That’s where a good password manager comes in. For starters, it’ll store all your already-created passwords and help you create strong, unique ones when you sign up for new accounts. But the best feature is that you can use them with all your various devices. You keep all your passwords locked up in a vault that’s protected by a master password which can be used to log into all your other accounts.

I use LastPass, which has a free plan for one user that can be used on multiple devices. For some reason, I pay $3 a month for the premium plan, but it’s now dawning on me that I could probably get away with the free service.

Glance-able Gmail

If you feel like you spend all day inside Gmail, I’m happy to report that it’s possible to not spend any time inside Gmail while still handling all your Gmail messages.

There’s a great, free Chrome extension called Checker Plus for Gmail that lets you read, reply to, and send Gmail messages right from the extension itself.

It’s a lifesaver if you get a lot of web-based mail all day. With a click or two, you can keep on top of messages as they come in without having to keep hopping in and out of the Gmail interface. It works with multiple Gmail accounts as well, which is a huge bonus if you need to juggle multiple email addresses.

A phone-to-computer connection

Just because you’re sitting in front of a computer all day doesn’t mean people are going to contact you there. Chances are, you’re getting text messages and calls all day, which means you’re constantly ping-ponging between your phone and your computer.

Connecting your phone to your computer means that you can deal with a lot of your phone stuff directly from your computer. If you’ve got an iPhone and a Mac, you may already be doing this with the Continuity feature. It does a lot of things, including letting you make and take phone calls and send and receive text messages from your computer.

If you’ve got an Android phone and a Windows PC, you can do much the same using Microsoft’s Your Phone app for Windows. Another great feature for Android users is that if you’re using the Android Messages app on your phone, there’s a handy web-based version that you can use on either Mac or PC to send and receive text messages.

Connecting your iPhone to a PC for texting and calling is . . . well, anything but straightforward (or possible, in many cases). However, if you’ve got a Dell or Alienware PC, you can try the Mobile Connect app, which is a good start, although far from perfect. It might be a cold day in you-know-where before we see seamless iPhone-to-PC integration.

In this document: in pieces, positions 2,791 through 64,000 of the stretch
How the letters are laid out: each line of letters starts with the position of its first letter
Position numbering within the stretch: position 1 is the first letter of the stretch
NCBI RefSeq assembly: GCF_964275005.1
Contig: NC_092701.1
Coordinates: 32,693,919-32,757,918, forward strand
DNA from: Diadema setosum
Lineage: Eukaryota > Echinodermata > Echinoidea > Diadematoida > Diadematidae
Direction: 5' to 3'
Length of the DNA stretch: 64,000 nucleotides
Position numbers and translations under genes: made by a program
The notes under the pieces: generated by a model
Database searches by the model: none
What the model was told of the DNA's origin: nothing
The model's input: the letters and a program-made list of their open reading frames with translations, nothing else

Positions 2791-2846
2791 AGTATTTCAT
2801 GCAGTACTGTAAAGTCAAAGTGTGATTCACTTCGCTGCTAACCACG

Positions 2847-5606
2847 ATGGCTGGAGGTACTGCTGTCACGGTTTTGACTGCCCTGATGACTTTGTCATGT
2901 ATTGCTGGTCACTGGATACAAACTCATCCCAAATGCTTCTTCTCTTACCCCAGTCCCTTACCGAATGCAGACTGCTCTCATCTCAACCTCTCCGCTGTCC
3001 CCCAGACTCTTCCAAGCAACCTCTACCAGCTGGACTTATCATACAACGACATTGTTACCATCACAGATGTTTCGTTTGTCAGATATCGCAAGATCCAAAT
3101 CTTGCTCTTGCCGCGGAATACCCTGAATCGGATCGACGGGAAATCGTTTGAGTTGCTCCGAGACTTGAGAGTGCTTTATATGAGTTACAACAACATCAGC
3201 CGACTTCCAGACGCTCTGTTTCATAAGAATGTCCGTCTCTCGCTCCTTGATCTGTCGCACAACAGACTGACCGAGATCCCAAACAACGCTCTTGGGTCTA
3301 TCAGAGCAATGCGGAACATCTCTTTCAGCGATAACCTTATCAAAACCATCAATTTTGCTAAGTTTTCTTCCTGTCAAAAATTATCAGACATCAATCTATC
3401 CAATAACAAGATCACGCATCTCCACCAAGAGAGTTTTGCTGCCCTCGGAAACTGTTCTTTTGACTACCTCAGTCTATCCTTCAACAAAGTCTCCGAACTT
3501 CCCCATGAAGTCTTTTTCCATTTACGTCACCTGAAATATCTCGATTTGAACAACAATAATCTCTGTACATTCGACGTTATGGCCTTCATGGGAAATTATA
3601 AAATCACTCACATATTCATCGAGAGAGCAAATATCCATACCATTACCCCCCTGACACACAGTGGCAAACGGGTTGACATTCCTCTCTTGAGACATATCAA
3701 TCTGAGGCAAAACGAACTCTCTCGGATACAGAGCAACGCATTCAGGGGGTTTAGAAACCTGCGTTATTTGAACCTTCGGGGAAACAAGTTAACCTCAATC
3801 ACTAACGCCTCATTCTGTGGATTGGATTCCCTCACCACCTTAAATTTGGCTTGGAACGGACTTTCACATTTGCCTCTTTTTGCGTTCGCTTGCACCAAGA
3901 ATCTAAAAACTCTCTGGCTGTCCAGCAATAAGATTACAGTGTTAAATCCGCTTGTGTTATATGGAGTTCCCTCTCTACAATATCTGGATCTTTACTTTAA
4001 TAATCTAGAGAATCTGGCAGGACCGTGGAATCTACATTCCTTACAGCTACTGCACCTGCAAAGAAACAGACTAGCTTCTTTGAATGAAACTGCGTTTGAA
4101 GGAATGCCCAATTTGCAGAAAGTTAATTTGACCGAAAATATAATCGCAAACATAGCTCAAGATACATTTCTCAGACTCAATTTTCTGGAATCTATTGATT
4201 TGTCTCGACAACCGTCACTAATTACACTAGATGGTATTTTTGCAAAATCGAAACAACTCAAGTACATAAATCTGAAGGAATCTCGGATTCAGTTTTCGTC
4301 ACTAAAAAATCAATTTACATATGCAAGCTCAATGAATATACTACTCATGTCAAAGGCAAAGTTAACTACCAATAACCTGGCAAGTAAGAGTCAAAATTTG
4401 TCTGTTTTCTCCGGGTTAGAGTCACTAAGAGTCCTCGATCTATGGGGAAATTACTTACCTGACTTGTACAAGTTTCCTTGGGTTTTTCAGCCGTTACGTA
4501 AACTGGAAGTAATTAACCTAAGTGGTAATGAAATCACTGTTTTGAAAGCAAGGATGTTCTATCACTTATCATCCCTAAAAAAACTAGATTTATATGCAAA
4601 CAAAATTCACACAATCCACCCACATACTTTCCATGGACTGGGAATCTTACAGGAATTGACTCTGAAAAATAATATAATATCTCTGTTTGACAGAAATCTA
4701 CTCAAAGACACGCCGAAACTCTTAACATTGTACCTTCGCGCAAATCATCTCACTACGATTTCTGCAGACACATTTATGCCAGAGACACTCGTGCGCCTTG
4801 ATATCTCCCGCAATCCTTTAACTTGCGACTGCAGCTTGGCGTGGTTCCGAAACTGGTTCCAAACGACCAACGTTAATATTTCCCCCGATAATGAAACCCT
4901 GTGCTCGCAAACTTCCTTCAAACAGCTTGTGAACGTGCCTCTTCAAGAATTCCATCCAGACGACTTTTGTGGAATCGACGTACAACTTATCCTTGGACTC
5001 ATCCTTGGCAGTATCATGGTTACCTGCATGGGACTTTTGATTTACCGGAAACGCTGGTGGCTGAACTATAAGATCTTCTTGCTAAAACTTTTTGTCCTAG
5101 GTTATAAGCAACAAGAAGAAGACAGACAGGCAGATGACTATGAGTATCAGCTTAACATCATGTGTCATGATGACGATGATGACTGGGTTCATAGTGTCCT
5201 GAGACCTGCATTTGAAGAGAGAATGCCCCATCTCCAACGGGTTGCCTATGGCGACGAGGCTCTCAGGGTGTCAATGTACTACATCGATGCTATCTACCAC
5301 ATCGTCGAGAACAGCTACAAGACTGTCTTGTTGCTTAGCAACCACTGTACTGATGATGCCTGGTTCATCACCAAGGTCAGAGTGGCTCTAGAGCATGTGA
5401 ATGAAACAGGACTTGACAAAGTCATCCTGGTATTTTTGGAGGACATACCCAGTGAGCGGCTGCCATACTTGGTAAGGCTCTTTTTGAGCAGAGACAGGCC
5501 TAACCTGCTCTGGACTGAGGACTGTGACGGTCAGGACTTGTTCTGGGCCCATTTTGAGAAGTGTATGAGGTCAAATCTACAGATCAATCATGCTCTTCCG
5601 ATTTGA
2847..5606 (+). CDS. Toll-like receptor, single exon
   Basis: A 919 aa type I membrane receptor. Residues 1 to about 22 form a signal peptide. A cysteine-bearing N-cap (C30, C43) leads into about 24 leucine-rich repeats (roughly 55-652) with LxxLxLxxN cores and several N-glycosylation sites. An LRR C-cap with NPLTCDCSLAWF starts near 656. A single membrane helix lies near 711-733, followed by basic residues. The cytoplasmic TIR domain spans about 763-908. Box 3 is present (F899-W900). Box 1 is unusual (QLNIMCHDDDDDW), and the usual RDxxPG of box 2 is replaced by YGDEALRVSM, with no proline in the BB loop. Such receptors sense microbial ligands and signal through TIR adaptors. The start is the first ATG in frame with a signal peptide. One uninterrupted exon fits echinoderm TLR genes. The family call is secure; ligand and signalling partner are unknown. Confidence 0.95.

A programmable peripheral controller

Anyone who does any sort of creative work or who has to bounce between a million apps at once would be wise to take a look at a programmable hardware device.

To be honest, I’m not exactly straight on the official category name for these things. I use the $170 TourBox, which is probably overkill for most people, but you can search Amazon for “macro keypad” and get a nice selection of hardware that starts at around $40.

I’ve also had good luck with the Razer gaming keypads, which start at $80 and can be programmed to handle nongaming tasks. Oh, and they can also be used for gaming. Double bonus.

The idea is that you can program the individual keys on these peripheral devices to replicate multistep keystrokes, launch apps, and do all sorts of other cool tricks that might otherwise take you a handful of clicks or some finger gymnastics to pull off. I do a fair amount of video and podcast production at my day job, and having something like the TourBox or Razer peripheral that translates a bunch of complicated keyboard shortcuts into individual, tactile hardware buttons is a godsend.

7 daily productivity hacks to help you work smarter in 2021 The British Journal Editors and Wire Services/ Fast Company.

Almost all The British Journal staff, including reporters, can be contacted by e-mail. In most cases the e-mail address follows this formula: first initial + last name + @thebritishjournal.com. For example, Laura F. Nixon is [email protected]